This week is International Open Access week, an annual event about raising awareness and taking action on open access. This year’s theme is “Open for Climate Justice”, considering how open access and open research can help in tackling the climate crisis.
Sharing knowledge is a human right, and tackling the climate crisis requires the rapid exchange of knowledge across geographic, economic, and disciplinary boundaries.– https://www.openaccessweek.org/theme
What is climate justice, and where does open access fit in?
As Earth Overshoot Day gets earlier each year, it’s clear that the climate crisis is a global emergency which needs global action to tackle it. Open access can help ensure that work on climate change isn’t locked away behind paywalls where it can only be accessed by people working at institutions that can afford expensive journal subscriptions.
The term “climate justice” acknowledges that the effects of climate change are not being felt equally and that the impact is hitting marginalised populations harder – exactly the people who are also less likely to be able to access academic work and research on climate change. Opening up access to this work can be beneficial both directly and indirectly, because as well as making the work itself more accessible, it can enable people working on these issues to find others working in the same field, as well as raising the profile of their own research, helping to create opportunities for global collaboration.
What does open access look like in our corner of the world?
Here at SGUL we enable open access through our repository, SORA, where SGUL academic staff with a profile in our CRIS can have their full text manuscripts made available for articles that would otherwise only be available with a subscription to the published journal article (as well as those that are published open access).
We also maintain a Research Data Repository that can host a wide variety of outputs as well as data, making them freely available where possible whilst also allowing for access controls where appropriate (eg for sensitive medical data).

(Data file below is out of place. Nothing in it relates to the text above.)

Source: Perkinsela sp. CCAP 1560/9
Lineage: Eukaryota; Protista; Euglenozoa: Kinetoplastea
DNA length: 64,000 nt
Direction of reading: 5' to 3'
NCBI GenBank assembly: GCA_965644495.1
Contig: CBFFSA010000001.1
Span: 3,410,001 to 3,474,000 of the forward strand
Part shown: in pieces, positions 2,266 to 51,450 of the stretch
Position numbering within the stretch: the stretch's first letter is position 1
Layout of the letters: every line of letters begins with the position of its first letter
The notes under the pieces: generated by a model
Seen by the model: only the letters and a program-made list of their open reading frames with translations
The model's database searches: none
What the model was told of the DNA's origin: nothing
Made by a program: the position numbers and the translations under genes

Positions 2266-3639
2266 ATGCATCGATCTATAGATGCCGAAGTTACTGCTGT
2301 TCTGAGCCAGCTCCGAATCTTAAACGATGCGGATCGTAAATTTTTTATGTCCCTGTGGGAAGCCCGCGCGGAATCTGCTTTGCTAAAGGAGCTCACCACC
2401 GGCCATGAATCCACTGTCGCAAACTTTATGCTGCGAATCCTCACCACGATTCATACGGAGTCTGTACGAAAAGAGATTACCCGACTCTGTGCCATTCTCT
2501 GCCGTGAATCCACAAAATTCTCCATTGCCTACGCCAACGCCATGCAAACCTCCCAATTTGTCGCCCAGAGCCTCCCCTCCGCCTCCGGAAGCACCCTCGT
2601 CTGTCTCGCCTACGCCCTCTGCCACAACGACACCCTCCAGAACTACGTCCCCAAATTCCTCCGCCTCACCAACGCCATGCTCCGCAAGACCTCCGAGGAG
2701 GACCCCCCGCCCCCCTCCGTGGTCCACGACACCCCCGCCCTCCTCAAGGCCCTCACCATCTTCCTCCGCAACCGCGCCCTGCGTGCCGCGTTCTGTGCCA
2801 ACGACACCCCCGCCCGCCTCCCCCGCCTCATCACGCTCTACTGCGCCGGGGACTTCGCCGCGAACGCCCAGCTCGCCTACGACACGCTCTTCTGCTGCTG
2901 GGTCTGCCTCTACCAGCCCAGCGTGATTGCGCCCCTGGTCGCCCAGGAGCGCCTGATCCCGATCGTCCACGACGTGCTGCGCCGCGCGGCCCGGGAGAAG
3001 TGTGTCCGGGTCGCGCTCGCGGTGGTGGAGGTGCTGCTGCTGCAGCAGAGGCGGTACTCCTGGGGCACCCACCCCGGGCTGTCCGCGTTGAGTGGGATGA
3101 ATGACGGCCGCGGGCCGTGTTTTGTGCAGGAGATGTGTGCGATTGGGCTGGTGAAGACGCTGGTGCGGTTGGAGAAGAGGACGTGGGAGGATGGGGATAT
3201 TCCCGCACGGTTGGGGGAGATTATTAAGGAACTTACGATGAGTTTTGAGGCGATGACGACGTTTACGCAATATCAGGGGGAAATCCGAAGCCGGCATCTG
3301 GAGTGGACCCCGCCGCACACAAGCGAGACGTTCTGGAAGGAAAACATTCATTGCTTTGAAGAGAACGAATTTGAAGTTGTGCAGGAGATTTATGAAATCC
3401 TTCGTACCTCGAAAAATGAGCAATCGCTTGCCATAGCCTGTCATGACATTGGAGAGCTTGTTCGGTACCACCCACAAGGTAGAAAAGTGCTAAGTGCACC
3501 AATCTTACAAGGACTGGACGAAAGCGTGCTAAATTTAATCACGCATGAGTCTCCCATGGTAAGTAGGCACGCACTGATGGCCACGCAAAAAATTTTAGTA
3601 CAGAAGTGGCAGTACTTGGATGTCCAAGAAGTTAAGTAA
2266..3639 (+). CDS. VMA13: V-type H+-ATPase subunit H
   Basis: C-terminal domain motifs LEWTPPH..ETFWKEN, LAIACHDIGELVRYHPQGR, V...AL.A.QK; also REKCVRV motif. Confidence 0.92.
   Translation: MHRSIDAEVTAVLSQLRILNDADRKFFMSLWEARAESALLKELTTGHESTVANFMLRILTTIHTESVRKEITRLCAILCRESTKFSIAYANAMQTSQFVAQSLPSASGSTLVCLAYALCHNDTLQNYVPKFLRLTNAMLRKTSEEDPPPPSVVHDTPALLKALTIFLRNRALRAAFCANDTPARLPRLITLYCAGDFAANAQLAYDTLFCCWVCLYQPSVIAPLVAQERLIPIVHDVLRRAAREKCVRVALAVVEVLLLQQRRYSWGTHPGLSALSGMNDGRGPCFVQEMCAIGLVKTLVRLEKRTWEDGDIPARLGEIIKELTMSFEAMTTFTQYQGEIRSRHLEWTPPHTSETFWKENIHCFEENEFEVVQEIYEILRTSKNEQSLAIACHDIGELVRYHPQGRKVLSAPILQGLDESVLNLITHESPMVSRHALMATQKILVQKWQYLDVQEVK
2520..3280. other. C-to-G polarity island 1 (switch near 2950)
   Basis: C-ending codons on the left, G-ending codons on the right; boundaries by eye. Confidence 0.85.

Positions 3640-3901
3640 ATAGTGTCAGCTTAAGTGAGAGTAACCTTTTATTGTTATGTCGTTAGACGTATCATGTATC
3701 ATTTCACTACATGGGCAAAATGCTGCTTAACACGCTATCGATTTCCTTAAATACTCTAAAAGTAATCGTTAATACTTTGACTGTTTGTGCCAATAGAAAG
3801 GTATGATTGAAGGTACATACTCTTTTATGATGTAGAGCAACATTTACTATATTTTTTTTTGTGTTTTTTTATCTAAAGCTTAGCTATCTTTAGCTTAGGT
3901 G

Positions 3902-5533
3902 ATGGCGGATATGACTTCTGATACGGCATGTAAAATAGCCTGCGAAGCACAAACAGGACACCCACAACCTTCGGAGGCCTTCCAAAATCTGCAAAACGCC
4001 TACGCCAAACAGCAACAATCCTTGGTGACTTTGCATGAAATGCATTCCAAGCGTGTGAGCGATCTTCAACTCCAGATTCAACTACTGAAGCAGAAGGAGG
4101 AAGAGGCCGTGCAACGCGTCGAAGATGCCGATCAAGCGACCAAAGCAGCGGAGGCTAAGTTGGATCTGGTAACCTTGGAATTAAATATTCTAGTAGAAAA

As well as these, we also have a number of Read and Publish deals with various publishers to allow SGUL corresponding authors to publish open access in some or all of their journals at either a reduced cost or at no direct cost. New deals for this year include those with Elsevier and Wolters Kluwer, which join existing deals from publishers such as OUP and Wiley. Full details on our deals, including eligibility requirements and lists of included journals, are on our webpages.
What about the rest of the global community?
There are however questions round the equitability of these Read and Publish deals and whether they are shifting the inaccessibility burden from readers to researchers: instead of readers being unable to access published research due to the cost barrier, are marginalised researchers being shut out of the publishing process due to the cost of open access fees? Are these deals just concentrating all the money for open access on the same publishers that were already making the most money from subscriptions?
The open access landscape is shifting rapidly as questions around fairness and access lead to new publication models, which lead to new questions and new discussions on how to move towards a world where everyone is able to participate in the academic community without barriers due to cost.
What might help?
Initiatives such as PLOS Community Action Publishing aims to ‘make selective publishing more equitable’ and has capped margins so the more institutions who join, the lower costs become. Not for profit journal publishing as undertaken by the Microbiology Society, uses income generated to reinvest in their community. Both these publishers’ journals are covered by SGUL publishing agreements.
Many charitable funders and institutions are increasingly advocating that authors include a rights retention statement in their manuscripts on submission to subscription journals, to ensure the accepted manuscript can be made openly available even if the published version is not.
As well as traditional journal publishing, other OA publishing models such as preprinting may not require OA fees at all – for instance there are no open access fees for publishing on medRxiv or bioRxiv. ASAPBio, a not for profit scientist community, has produced FAQs on public preprint feedback, including How can preprint review contribute to equity?.
Diamond open access publishing (in which journals and platforms do not charge fees to either authors or readers) is being advanced as another initiative, as this recent conference demonstrates.
Find out more
Want to join the conversation but don’t know your AAM from your RRS? Curious about Creative Commons licences? Take a look at our new Open Access Glossary – and drop us a line if you run across something we don’t have a definition for yet!
Any questions? Get in touch with us:
- firstname.lastname@example.org (for questions about the CRIS and making your research publications available via SORA)
- email@example.com (for questions about publishing open access)
- firstname.lastname@example.org (for questions about research data and other types of research output)
We look forward to hearing from you.
Michelle Harricharan, Research Data Support Manager
Jenni Hughes, Research Publications Assistant
Carly Lightfoot, Library Research Services Manager
Jennifer Smith, Research Publications Librarian